Genevieve G.

FDA’s Trans Fat Ban In Restaurants Proved Effective and Helpful

by Genevieve G. on March 24, 2012

Here’s good news: restaurants’ reduced use of trans fat in their menu items the past decade have produced positive health results among American adults.

In a study conducted by the Centers for Disease Control (CDC), it was found out that there has been a 58% decrease in the fat levels of American adults during the period of 2000 to 2009, the same time when a ban on the use of man-made trans fats has been implemented among restaurants in the U.S.

CDC researchers carried out the recent study to evaluate the effects of the 2003 ban, regulated at the time by the U.S. Food and Drug Administration. The researchers randomly chose 20- years-old-and-above white American participants who have also taken part in the National Health and Nutrition Examination Survey, and re-examined their trans-fat acid blood levels prior and after the enactment of the 2003 ban.

Trans fatty acid, also known as trans fat, are produced through a chemical process called hydrogenation of oils. Hydrogenation turns liquid oils into solids to increase the flavor and shelf life of foods and oils that contain them. It is found in some crackers, margarines, cookies and other snack foods, as well as in vegetable shortenings. Deep fried fast food items like french fries have been found to be abundant in trans fat, since vegetable oils that restaurant chefs in elegant chef trousers use for deep frying are often subjected to hydrogenation, hence creating trans fats.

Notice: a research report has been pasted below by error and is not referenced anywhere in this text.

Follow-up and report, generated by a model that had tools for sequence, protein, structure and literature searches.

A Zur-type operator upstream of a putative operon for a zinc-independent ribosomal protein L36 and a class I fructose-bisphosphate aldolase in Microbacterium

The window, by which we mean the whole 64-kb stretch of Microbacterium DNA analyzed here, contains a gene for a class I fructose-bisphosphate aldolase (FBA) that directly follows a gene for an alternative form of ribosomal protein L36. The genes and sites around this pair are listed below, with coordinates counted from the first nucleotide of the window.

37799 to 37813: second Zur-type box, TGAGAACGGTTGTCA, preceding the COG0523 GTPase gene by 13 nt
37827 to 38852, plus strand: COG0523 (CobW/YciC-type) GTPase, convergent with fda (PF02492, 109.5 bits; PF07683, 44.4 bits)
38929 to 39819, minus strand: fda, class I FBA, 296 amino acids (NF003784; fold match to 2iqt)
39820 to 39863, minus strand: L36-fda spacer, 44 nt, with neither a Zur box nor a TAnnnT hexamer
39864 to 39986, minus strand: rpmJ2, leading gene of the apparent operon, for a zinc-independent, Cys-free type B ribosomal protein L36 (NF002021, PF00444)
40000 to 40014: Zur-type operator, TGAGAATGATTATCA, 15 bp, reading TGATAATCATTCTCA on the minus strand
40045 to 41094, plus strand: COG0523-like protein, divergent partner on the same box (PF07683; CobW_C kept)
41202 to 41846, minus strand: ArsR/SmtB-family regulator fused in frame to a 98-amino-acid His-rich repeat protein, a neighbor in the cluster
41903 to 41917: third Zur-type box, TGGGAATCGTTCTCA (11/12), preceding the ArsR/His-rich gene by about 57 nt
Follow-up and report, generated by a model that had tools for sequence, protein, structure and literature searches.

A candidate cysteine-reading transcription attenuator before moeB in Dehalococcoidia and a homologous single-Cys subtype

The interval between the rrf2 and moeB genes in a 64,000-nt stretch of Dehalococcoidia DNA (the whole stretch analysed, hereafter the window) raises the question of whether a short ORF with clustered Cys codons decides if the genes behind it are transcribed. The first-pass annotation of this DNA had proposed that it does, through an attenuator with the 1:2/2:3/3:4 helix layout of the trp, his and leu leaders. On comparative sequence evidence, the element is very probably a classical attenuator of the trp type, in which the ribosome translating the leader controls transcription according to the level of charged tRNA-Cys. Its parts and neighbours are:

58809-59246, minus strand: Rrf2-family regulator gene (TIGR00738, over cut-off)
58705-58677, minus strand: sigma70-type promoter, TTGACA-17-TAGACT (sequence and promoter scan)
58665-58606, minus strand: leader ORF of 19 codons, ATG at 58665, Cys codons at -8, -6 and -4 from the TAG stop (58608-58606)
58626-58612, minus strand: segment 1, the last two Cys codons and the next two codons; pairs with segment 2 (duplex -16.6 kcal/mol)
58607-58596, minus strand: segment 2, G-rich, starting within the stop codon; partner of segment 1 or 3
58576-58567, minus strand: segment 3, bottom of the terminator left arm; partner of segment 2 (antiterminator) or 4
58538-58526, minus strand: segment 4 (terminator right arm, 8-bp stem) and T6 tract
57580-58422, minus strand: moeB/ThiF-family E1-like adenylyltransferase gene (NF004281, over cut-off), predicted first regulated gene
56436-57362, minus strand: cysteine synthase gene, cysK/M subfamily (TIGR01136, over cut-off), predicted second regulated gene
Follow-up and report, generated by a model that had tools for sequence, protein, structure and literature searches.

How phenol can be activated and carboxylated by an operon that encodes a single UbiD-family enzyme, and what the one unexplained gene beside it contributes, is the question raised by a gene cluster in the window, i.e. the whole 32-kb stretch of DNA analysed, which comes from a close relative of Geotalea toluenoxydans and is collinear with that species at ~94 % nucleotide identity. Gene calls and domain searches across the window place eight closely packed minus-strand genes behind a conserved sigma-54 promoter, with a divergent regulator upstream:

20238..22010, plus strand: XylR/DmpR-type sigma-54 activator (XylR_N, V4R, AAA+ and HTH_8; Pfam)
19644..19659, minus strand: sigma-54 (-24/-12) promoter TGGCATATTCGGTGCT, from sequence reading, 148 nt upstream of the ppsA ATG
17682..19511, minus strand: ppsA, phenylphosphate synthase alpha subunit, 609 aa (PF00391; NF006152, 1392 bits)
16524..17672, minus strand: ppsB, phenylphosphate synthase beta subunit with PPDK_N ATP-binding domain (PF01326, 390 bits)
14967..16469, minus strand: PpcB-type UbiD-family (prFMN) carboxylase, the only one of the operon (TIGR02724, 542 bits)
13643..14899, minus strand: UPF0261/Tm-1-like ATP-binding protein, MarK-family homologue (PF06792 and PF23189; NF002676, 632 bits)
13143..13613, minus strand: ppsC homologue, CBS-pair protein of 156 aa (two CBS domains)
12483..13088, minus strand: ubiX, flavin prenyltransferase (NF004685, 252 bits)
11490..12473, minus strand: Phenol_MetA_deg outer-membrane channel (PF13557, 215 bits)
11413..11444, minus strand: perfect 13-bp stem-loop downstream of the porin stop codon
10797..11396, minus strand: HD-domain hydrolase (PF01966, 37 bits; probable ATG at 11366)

Our bodies do not deal well in processing these fats—trans fatty acids tend to accumulate in the body over time, which leads to a buildup of fatty deposits in our arteries, raising the bad cholesterol level in our system. The substance also has an uncanny way of reducing good cholesterol, which adds to the damage that it does to our bodies. These built-up deposits cause coronary heart disease, as well as contribute to Alzheimer’s disease, cancer, obesity, diabetes, infertility and liver dysfunction.

Considering the danger and the risk that the substance brings, the FDA ban was promulgated in 2003 and eventually took effect in 2006, requiring food and dietary supplement manufacturers to list their products’ total amount of trans-fatty acids (TFA) on the “Nutrition Facts” section of the products’ labels. Local and state health departments also mandated restaurant chefs in cool chef trousers and coats to control their usage of TFAs to reduce restaurant consumers’ daily intake of the organic acid. There are even some restaurant chains, like Panera Bread Co. and Uno Chicago Grill, which voluntarily eradicated or greatly lessened their usage of trans fats in their kitchens although they were still not bound by FDA laws.

Now, nine years after the regulation was propagated, the effect can be seen in the health of today’s American grown-up population.

“The results of the CDC research show us that the effort to retrain the use of trans fat is indeed effective, and that these kind of efforts must always remain to be a key public health objective for the country,” said CDC’s director Christopher Portier. “The 58% decline in American adults’ trans fat levels is very significant in lowering the risk of fatal diseases among adults in the country today.”

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